Ana Tijoux: 'We Are Crazy As A Species': The Chilean rapper played songs from her new album, Vengo, and talked with Alt.Latino hosts Jasmine Garsd and Felix Contreras about her unique style. Hear the whole thing here.
Kevin Gates: 'I Put All My Flaws On Front Street': "The more I grow in popularity, the lonelier it gets," the Baton Rouge rapper told Microphone Check hosts Ali Shaheed Muhammad and Frannie Kelley during an interview in an East Austin back yard. Watch the whole thing here.
All Songs Considered Late Night Dispatches
Each night, after consuming as much music as they possibly could, All Songs hosts Bob Boilen and Robin Hilton, along with NPR Music's Stephen Thompson and a rotating cast of guests, met on the streets of Austin to talk about the best of what they'd seen.
Tuesday: Agnes Obel, Royal Teeth, Jambinai and what people mean when they say "Keep Austin Weird."
Wednesday: NPR Music's SXSW Showcase at Stubb's featuring Damon Albarn, St. Vincent, Kelis, Eagulls and Perfect Pussy, which was interrupted by news of the accident that killed two people, just one block away.
Thursday: The shadow cast by the previous day's accident begins to lift. Catharsis from Typhoon, The Autumn Defense and Big Freedia. Plus a unifying set by the breakout stars of SXSW 2014, Baltimore's Future Islands.
Friday: Moon Hooch's two saxophones win everyone over, but Robin has given his heart to Perfect Pussy.
Saturday: Bob discovers the secret of the universe on the dirty floor of an Austin club, and as the festival ends, we finally catch up with band's we've been trailing all week.
South by Slo-mo
South By Southwest goes by fast. So Mito Habe-Evans and our video team helpfully slowed it down. It's pretty self-explanatory. Want more? Of course you do.
Whether it's James Franco writing novels or Pablo Picasso scrapbooking, all great artists move outside their medium. Subway has recently been experimenting with pizzas. The latest is the Flatizza, which is a combination of "flatbread" and "pizza," and is also embarrassing to say when you have to order one.
Mike: Subway pizza is a tough sell. "Five-dollar foot-wide" feels wrong.
Miles: I just don't understand why Subway demands we wash down the Flatizza with a FlatSoda.
Robert: After the long winter we've had, it's handy to have a lunch that also works as an ice scraper.
Miles: Remember in the 15th century, when everyone thought pizza was flat?
Ian: The flat shape makes it an ideal food to go in Pizza ATMs. If these don't exist yet, nobody tell me.
You order the Flatizza like a Subway sandwich — the sandwich artist asks you what you want on it, and you choose from the ingredients on the other side of the sneeze guard. Then they stick it in a fast-cook toaster oven, which is either powered by nuclear fission or magic.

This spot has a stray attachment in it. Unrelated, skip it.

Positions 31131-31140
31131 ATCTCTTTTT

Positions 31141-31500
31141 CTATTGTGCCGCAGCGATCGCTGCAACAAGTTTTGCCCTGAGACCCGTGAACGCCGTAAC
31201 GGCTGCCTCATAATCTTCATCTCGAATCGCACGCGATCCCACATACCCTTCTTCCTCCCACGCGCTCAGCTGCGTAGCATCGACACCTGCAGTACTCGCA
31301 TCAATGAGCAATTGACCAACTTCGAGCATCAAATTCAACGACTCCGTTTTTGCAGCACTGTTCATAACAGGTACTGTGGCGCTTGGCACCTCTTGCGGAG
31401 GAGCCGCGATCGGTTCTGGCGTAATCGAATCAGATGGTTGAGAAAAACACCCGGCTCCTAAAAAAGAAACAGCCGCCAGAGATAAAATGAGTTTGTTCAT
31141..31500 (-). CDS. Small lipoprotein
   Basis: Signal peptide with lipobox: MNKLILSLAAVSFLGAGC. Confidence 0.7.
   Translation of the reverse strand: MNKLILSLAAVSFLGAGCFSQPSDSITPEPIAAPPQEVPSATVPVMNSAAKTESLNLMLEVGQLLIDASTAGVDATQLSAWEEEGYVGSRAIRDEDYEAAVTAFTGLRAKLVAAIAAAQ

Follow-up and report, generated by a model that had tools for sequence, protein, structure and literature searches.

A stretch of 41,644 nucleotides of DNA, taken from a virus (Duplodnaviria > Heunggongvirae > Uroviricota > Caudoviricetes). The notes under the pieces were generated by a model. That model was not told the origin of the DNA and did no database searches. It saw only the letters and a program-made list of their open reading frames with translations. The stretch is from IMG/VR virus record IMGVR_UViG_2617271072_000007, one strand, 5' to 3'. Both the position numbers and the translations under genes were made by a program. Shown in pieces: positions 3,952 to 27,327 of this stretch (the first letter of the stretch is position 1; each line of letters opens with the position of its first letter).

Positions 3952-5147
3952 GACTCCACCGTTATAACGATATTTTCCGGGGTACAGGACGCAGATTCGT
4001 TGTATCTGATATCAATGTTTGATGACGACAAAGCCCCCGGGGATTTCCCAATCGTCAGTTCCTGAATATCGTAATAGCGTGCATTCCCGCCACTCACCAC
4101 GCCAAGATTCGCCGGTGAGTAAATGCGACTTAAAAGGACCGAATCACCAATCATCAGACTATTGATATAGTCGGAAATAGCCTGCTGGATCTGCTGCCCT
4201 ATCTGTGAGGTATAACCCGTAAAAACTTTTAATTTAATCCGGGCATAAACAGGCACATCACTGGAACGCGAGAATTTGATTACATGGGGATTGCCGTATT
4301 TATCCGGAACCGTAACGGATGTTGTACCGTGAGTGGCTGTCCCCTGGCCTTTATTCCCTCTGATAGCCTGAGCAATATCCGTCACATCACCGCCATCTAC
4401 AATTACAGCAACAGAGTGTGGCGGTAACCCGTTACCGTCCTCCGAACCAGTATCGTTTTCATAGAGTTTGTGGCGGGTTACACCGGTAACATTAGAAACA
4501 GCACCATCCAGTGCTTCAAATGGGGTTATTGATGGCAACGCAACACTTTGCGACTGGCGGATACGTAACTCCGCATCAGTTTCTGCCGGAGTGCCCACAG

Ian: You can get it plain, veggie, or with everything Jared denied himself for the last 10 years.
Robert: Weirdly, I was watching a movie where Jared showed up at the door with one of these. After that, it got kind of weird.
Mike: Of all the foods at Subway, the Flatizza is the one Snoop Dogg has the easiest time ordering.
Miles: Instead of fighting with each other, New York-style and Chicago-style should both team up on Flatizza.
Mike: The slogan is "Crispy, cheesy and totally edgy"—it's like a charred Sarah Silverman.
Miles: Subway took the yoga mats out of their bread, threw some cheese on them, and called it a pizza.
Ian: Finally, the perfect bathroom tile in my life-size gingerbread house.
[The verdict: a fine fast-food pizza. There may come a day when we think of Subway as that pizza place that used to serve sandwiches.]
Sandwich Monday is a satirical feature from the humorists at Wait Wait ... Don't Tell Me!
A nonprofit organization called Pack for a Purpose is encouraging international travelers to use some of their luggage space to carry medical and school supplies to their vacation destination.
The organization has teamed up with local lodging, tour agencies and community organizations in countries across the globe to find out what items are needed, from pencils and soccer balls in schools to clothes and toiletries in orphanages.
Rebecca Rothney, founder of Pack for a Purpose, joins Here & Now’s Robin Young to talk about how setting aside some extra space in your luggage can help those in need.
It wasn’t exactly “the big one,” but people in Southern California did get a rude awakening today when a 4.4 magnitude earthquake struck. The quake could be felt from the San Fernando Valley down to Long Beach, but there are no reports of damage or injury.
Here & Now‘s Jeremy Hobson is reporting from Los Angeles this week and checks in with co-host Robin Young about what the quake felt like. He also shares what he has in store for us tomorrow and Wednesday when he co-hosts the show from NPR West.